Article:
Do note that the LBS study does point out that "Gold is the only asset that does not have its real value reduced by inflation" and that "it has a potential role in the portfolio of a risk-averse investor concerned about inflation." However, one would be well-advised not to look at the precious metal for "return" in the sense that "this asset does not provide an income flow and has generated low real returns over the long term. Gold can fail to provide a positive real return over extended periods.”
Gold is many things to many people, but ignoring such math as shown above can prove unwise. Perhaps the individual investor’s focus should remain on the fact that when gold is added to a portfolio of conventional assets (and in a not too over-weighted percentage) the overall performance of that basket of assets is slightly enhanced, whilst its overall risk profile is slightly decreased. Gold is a good diversifier, and a good tail-risk mitigator. As for being a ‘panacea’ for what ails the world, or certain other miraculous things, well, surely studies such as the above will keep coming.
As for the Fed, while certain would-be US Presidents currently in the heat of the election campaign would like to incarcerate Ben Bernanke and slap him with a charge of "treason" (punishable by execution), the numbers that Mr. Bernanke’s Fed has been able to recently draw on the US economic chalk board (again, those pesky numbers and math) are proving them "dead" wrong.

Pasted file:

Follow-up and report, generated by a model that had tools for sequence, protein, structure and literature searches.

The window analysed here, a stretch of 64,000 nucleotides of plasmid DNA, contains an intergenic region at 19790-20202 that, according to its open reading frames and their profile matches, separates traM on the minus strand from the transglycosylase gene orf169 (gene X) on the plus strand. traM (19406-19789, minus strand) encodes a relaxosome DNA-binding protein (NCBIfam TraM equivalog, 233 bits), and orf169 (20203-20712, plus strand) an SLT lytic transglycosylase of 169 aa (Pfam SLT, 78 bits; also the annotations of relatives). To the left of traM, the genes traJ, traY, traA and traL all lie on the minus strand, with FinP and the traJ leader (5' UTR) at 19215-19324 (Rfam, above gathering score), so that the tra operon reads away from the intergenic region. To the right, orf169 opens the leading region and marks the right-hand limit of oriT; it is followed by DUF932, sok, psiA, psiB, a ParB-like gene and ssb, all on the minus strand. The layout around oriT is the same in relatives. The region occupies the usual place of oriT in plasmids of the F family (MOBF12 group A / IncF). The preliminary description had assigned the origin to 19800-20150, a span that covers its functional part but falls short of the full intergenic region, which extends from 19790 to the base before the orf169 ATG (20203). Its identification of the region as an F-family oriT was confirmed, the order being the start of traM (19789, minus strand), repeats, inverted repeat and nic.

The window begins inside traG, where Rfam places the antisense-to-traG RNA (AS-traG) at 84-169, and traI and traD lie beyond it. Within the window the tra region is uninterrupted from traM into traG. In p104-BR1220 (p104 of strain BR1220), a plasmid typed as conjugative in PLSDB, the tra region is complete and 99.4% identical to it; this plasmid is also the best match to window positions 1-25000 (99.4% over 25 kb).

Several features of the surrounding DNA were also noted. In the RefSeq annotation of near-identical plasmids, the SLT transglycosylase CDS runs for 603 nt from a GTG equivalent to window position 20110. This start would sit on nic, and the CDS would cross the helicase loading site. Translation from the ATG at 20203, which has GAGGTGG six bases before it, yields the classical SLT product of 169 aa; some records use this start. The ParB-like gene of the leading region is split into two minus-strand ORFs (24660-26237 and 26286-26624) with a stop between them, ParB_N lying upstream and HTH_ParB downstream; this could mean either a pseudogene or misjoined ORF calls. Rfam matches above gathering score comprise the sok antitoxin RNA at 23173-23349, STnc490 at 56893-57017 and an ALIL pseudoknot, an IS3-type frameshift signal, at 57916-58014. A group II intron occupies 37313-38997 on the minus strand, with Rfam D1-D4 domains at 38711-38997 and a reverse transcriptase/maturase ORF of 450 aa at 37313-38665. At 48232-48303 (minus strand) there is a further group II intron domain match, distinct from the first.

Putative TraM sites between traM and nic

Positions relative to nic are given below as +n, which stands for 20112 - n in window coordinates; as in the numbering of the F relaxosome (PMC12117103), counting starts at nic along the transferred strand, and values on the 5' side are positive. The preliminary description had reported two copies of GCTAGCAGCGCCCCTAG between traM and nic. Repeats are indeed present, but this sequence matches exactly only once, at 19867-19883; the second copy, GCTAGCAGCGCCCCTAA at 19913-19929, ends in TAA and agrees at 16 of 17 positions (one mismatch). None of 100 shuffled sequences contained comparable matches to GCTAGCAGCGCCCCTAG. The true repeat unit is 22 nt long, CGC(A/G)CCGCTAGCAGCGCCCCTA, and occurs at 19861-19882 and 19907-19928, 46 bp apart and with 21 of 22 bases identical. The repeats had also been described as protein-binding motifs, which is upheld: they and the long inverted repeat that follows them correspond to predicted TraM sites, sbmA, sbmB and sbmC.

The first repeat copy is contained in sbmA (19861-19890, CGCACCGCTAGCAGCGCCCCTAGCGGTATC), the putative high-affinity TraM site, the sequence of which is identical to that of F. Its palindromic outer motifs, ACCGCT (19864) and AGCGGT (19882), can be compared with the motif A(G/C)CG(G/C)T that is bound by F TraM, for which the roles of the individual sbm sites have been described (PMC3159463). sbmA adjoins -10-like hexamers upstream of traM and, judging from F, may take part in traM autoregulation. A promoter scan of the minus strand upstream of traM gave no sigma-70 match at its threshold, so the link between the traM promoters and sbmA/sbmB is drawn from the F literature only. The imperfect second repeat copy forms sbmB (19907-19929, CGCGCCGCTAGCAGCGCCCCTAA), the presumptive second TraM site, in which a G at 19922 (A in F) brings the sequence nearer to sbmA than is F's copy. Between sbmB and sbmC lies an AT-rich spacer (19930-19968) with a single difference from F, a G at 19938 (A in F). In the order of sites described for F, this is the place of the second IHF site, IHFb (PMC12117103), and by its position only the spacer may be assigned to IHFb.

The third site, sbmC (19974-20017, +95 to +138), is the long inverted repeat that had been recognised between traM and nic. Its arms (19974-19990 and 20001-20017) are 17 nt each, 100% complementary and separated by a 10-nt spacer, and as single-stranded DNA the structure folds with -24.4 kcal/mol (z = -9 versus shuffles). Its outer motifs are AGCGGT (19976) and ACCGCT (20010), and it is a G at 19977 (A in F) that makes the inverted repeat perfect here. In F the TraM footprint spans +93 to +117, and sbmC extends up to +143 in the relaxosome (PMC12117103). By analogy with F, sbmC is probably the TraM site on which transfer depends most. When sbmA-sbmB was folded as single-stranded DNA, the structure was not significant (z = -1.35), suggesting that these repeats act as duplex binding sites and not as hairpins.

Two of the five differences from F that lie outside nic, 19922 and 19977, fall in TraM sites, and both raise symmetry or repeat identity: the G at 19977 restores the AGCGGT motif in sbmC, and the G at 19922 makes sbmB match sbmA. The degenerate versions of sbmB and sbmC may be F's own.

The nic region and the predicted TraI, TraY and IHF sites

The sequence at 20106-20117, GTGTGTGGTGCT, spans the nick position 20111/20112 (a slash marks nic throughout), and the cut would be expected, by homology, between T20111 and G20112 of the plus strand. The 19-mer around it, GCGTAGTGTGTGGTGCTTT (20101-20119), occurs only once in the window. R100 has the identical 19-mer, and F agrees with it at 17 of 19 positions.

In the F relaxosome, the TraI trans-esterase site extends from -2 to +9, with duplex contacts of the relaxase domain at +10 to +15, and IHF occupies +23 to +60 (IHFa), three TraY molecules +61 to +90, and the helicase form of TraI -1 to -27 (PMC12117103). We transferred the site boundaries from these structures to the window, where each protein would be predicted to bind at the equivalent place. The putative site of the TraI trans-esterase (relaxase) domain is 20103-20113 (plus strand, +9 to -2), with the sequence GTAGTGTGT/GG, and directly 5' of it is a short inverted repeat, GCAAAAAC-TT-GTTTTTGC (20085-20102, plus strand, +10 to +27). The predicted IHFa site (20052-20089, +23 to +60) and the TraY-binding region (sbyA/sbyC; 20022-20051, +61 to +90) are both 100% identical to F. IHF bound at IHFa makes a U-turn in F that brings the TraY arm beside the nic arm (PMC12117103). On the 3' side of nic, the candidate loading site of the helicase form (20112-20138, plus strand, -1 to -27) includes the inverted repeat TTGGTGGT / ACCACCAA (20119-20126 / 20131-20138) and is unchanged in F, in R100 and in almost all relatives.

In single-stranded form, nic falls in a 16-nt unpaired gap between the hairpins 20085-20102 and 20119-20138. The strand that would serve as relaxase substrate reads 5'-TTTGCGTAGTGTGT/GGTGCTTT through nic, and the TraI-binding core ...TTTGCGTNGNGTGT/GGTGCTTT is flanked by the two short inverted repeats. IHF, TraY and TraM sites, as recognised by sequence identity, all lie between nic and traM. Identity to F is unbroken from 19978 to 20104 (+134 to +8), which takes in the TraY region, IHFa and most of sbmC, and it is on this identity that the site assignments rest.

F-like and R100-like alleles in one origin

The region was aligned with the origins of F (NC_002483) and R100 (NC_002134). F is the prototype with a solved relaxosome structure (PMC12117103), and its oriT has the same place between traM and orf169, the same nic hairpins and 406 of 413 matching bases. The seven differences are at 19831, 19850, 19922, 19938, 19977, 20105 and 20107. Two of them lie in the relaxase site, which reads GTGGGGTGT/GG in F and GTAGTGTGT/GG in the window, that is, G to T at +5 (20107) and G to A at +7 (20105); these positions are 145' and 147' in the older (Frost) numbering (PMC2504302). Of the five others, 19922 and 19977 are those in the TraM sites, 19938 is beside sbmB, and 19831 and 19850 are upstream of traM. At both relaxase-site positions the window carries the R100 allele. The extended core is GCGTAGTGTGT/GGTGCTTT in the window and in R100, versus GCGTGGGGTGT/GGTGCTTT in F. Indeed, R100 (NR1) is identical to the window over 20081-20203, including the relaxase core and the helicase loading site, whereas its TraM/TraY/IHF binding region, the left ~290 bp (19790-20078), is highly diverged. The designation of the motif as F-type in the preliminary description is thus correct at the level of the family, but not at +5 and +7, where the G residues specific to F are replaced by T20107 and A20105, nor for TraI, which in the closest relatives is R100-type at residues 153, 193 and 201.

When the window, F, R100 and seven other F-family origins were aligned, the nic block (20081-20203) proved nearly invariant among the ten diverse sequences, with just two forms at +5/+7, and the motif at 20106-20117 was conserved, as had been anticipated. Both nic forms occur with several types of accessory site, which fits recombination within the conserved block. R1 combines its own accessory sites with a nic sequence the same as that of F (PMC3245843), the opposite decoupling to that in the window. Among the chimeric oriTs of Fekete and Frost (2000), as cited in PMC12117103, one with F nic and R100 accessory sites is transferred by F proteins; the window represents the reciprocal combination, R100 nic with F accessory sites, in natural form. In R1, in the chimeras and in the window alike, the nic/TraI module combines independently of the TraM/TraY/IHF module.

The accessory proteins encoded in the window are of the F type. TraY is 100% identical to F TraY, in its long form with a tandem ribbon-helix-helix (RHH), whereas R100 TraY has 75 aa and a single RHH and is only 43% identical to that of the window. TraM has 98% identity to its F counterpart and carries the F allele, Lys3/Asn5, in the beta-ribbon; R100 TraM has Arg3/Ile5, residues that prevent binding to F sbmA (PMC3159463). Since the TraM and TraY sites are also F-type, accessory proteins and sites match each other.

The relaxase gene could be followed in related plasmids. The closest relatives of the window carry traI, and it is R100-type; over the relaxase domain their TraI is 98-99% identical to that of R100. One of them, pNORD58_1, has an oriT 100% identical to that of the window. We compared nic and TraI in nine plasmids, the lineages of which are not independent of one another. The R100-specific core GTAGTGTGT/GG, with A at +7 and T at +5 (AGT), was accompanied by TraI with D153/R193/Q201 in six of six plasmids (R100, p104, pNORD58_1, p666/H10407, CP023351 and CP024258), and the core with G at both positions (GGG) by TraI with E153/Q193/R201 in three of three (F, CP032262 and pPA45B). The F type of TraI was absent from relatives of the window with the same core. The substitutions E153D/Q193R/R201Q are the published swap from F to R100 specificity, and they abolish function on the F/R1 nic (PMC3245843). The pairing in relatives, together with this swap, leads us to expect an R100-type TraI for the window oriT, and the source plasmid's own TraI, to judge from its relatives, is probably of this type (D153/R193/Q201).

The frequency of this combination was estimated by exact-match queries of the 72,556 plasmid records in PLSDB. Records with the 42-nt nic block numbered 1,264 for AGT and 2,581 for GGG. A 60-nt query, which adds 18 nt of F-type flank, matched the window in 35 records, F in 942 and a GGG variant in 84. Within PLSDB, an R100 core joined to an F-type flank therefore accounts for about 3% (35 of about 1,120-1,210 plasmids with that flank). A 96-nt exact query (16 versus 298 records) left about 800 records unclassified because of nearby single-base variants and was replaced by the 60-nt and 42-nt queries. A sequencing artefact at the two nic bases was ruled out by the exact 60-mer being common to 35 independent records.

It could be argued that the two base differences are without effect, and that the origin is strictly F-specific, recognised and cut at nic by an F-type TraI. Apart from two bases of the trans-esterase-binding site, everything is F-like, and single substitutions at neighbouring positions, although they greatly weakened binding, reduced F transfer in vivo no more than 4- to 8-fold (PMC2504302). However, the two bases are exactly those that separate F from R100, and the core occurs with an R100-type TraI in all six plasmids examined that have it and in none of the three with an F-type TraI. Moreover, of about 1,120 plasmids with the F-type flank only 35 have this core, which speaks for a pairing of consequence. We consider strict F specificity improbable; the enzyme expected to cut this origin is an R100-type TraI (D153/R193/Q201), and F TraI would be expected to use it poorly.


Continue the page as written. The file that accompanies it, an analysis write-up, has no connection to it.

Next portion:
Inflation supposedly now demolishing America and your wallet? The imminent death of fiat currencies and the entire political system?
Perhaps you’ve been parsing too many shadowy statistics: "More than a year after Republicans from House Speaker John Boehner of Ohio to presidential candidate Ron Paul of Texas warned that the Fed’s second round of asset purchases risked a sharp acceleration in prices, the surge has failed to materialize. The personal-consumption-expenditures price index rose 2.4 percent for the 12 months ending in December, near the central bank’s 2 percent target."
US unemployment at 10 or 20 percent by now, and the US economy shrinking into oblivion? Perhaps you have been the recipient of the wrong news (-letters, that is): "The unemployment rate fell to 8.3 percent in January, the lowest since February 2009, according to a Labor Department report last week. Payrolls rose by 243,000, exceeding the most optimistic forecast in a Bloomberg News survey. The U.S. economy is forecast to grow at a 2.3 percent rate this year, up from 1.7 percent in 2011, according to a Bloomberg News survey of 70 economists last month."
Not exactly the "rap sheet" for which one is sent "up the river." Certainly not when, even in the wake of such figures, the Fed Chairman remains of the opinion (spoken just yesterday) that the US job market, while progressing along, is relatively far from being given a clean bill of health.
Senior Metals Analyst — Kitco Metals
Kitco Metals Inc.